Bantay bell tower is another tourist spot in the Ilocos region. The climb is quite a distance, though and getting fried is a possibility/ visita-iglesia.com


I mean, come on, 500 steps is your usual, around here… Well, some high priests of yore opted for variety and decided in favor of garden-types – with only 400 feet of cemented footpath (uncovered) and a measly, 150-step stairs: for that dash of medieval grandeur… πŸ˜‰ Β So, anyway, let’s take the average – 500 steps… Five hundred steps – with the glaring sun on top of your head, your back bathing from your own sweat and your skin, sticky and shriveling like raisins – to go see the door and lock of the church – up close and personal.


Ionic designed pillars support the structure of the massive Taal Basilica

Remember the lecture in Humanities about the doric, ionic and Corinthian pillars? We do have them in the Philippines./ jackinetic.wordpress.com

Five hundred steps to admire the wondrous architecture upfront: those sturdy columns, the ornately-designed beams, the paintings on the church ceilings, the diorama on the walls and the stained glass windows – what precision, how cleverly executed, what talent and devotion! Truly, if one had only listened more closely to the glib of that Humanities professor – about lines and curves and the need for beauty and harmony in life… And, instantly and despite the disconcerted self – youΒ reflect on the legacy of the Spaniards, the tenacity of the Filipino people,Β the durability of our faith, etcetera…


Most cathedrals took decades to build. Some took over a century to finish

European architects and engineers built the churches and worship centers in the archipelago employing polo or forced labor of the natives/ 4.bp.blogspot.com


And then, finally,Β to have your pictures taken, in front of the massive structure – with the blue sky in the background and the belfry some one hundred meters away –Β testimony to your wandering spirit and your survival skills (walking, climbing and beating the tropical heat in the summer). You – panting, dried-up and awfully devastated – flashing your V-sign oh-so-valiantly, before the camera. You tried to smile, with the afternoon sun shining directly upon your oil-rich, but still pretty/charming/commanding, excuse for a face… πŸ˜‰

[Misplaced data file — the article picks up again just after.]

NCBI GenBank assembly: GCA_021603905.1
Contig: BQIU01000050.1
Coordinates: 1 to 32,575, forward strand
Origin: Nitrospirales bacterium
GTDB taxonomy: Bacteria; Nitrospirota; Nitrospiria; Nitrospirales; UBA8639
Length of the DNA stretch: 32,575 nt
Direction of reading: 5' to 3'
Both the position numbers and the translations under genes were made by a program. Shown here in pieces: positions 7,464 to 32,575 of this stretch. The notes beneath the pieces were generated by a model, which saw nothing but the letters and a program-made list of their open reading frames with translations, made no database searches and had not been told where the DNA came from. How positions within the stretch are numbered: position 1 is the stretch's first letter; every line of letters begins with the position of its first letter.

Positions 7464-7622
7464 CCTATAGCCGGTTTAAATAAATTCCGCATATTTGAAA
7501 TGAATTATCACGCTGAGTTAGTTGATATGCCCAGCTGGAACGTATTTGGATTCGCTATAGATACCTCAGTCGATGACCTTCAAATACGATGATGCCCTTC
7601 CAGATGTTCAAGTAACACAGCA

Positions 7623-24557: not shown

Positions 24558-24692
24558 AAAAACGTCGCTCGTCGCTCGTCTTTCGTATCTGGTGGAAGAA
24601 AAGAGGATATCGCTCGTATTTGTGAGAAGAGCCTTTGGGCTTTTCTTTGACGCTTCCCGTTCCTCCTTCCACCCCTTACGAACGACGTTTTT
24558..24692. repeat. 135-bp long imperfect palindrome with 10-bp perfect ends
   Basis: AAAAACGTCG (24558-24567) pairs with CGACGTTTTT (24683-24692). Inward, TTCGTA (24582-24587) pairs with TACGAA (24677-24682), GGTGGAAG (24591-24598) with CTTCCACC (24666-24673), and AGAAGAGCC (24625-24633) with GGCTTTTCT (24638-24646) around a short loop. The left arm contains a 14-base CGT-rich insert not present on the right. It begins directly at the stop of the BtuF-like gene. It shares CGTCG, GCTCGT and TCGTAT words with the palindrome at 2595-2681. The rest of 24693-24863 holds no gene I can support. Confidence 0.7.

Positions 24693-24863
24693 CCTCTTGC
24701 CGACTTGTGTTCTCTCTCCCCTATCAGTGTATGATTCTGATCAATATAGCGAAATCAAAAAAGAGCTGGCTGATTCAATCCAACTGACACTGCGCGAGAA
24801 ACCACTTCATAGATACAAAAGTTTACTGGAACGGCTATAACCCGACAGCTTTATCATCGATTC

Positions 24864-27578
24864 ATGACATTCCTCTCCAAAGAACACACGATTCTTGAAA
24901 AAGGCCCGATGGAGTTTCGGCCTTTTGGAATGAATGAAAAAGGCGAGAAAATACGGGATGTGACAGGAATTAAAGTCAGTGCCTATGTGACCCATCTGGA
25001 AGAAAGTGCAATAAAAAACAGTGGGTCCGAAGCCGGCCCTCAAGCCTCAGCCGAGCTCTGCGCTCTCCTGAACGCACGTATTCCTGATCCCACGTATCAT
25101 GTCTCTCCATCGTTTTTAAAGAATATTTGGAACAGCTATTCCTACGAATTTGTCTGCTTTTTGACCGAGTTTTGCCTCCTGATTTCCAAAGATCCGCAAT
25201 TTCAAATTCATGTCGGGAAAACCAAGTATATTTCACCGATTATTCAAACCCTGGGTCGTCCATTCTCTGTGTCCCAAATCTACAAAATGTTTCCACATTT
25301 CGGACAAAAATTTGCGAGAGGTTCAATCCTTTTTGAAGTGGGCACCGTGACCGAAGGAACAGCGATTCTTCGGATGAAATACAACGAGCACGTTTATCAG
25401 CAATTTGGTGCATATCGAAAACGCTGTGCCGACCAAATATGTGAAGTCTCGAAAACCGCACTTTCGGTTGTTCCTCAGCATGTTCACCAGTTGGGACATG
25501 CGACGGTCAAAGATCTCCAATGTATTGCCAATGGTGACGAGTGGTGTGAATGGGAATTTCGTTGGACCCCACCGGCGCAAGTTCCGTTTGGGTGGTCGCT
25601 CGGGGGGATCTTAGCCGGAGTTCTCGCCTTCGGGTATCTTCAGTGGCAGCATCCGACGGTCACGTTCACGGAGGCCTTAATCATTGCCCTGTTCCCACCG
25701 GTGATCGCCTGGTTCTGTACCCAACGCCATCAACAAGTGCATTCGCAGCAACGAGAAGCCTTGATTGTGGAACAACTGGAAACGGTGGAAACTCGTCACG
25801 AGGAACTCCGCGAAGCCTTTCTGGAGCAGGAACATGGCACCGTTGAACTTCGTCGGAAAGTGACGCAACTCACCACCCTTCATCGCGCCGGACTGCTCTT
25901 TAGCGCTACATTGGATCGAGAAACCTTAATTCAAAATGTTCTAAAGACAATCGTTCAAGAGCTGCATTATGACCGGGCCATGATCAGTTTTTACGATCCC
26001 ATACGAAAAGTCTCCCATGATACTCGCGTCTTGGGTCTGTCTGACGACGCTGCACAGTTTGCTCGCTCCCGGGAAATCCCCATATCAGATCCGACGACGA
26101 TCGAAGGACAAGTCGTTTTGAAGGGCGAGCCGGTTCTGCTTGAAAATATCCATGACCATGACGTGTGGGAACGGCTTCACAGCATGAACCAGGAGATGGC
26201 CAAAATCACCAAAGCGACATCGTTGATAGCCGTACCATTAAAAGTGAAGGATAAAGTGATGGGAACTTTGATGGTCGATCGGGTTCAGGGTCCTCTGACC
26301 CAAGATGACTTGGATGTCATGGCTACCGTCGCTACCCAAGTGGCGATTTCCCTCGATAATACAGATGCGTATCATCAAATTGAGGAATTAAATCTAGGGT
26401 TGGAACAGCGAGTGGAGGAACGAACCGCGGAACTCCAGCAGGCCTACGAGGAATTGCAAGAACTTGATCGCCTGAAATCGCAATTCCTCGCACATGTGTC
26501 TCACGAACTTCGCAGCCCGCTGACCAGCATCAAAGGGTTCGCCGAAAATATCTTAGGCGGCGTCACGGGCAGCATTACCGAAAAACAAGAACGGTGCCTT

Just so your relatives, friends and classmates from years, years ago, could say, “Ang ganda naman! Saan ‘yan? Ganyan ka na pala kataba?” *


Outdoor shot of the Taal Basilica at sunset

A church that has seen the ravages of time, against the timeless transformation of the sky / staticflickr.com


* How beautiful! Where is that? My, you’ve grown fat, I hardly recognized you. πŸ˜‰ πŸ™‚


28 comments on “Old churches, Spanish heritage and being a tourist in one’s country

  1. Wow. I feel like I got to go on a tour with you, except I didn’t have to walk, climb, or endure the tropical heat. πŸ™‚ The churches and views are wonderful, but I think you are what makes the tour fun and special!

    • hello, sir RK. enjoyed Phil landscapes? Taal Volcano is so much nicer up close. also, Mayon Volcano when viewed from the wharf… it’s nice to stand at the church patio of Taal when the sun has gone down, hehe. thanks, so much. πŸ˜‰

  2. renxkyoko says:

    Wow ! The Philippines have beautiful churches too ! ! * Except I think I’m now a bit church weary, so let me take a rest for a while. ha ha ha. After my travelogue, I plan to showcase the Philippines so I’m looking for great pics, but I want more of the unusual, not churches.

    • yes, Ren… hmn, you could say that the Spaniards didn’t just propagate the faith, they also built majestic churches and institutionalized Catholic rituals… but yes, i understand you saw a good number of cathedrals in Europe. you could stand not seeing them again for a coupla more years, haha. regards. πŸ˜‰

  3. nadia says:

    This post brought back so many memories of attending weddings in different churches across the Philippines, being a bridesmaid thrice (and I even caught the bouquet once although I didn’t get married until six years later, so much for the superstition), and playing ninang to 20 babies!

    Churches in the Philippines are truly beautiful. I haven’t been to the one where you had to climb 500 steps. With my current intolerance to heat (due to age, of course), I’d die on the 20th steps.

    Lovely post, ‘San. Thoroughly enjoyed reading this, specially the humorous side of you πŸ˜‰

    • hello, Nadia… hala, lagi ka pala sa Catholic churches, ang dami mong inaanak, hehe and mahilig kang um-attend ng weddings, hala… aling church pala ang napuntahan mong nagandahan ka talaga? πŸ˜‰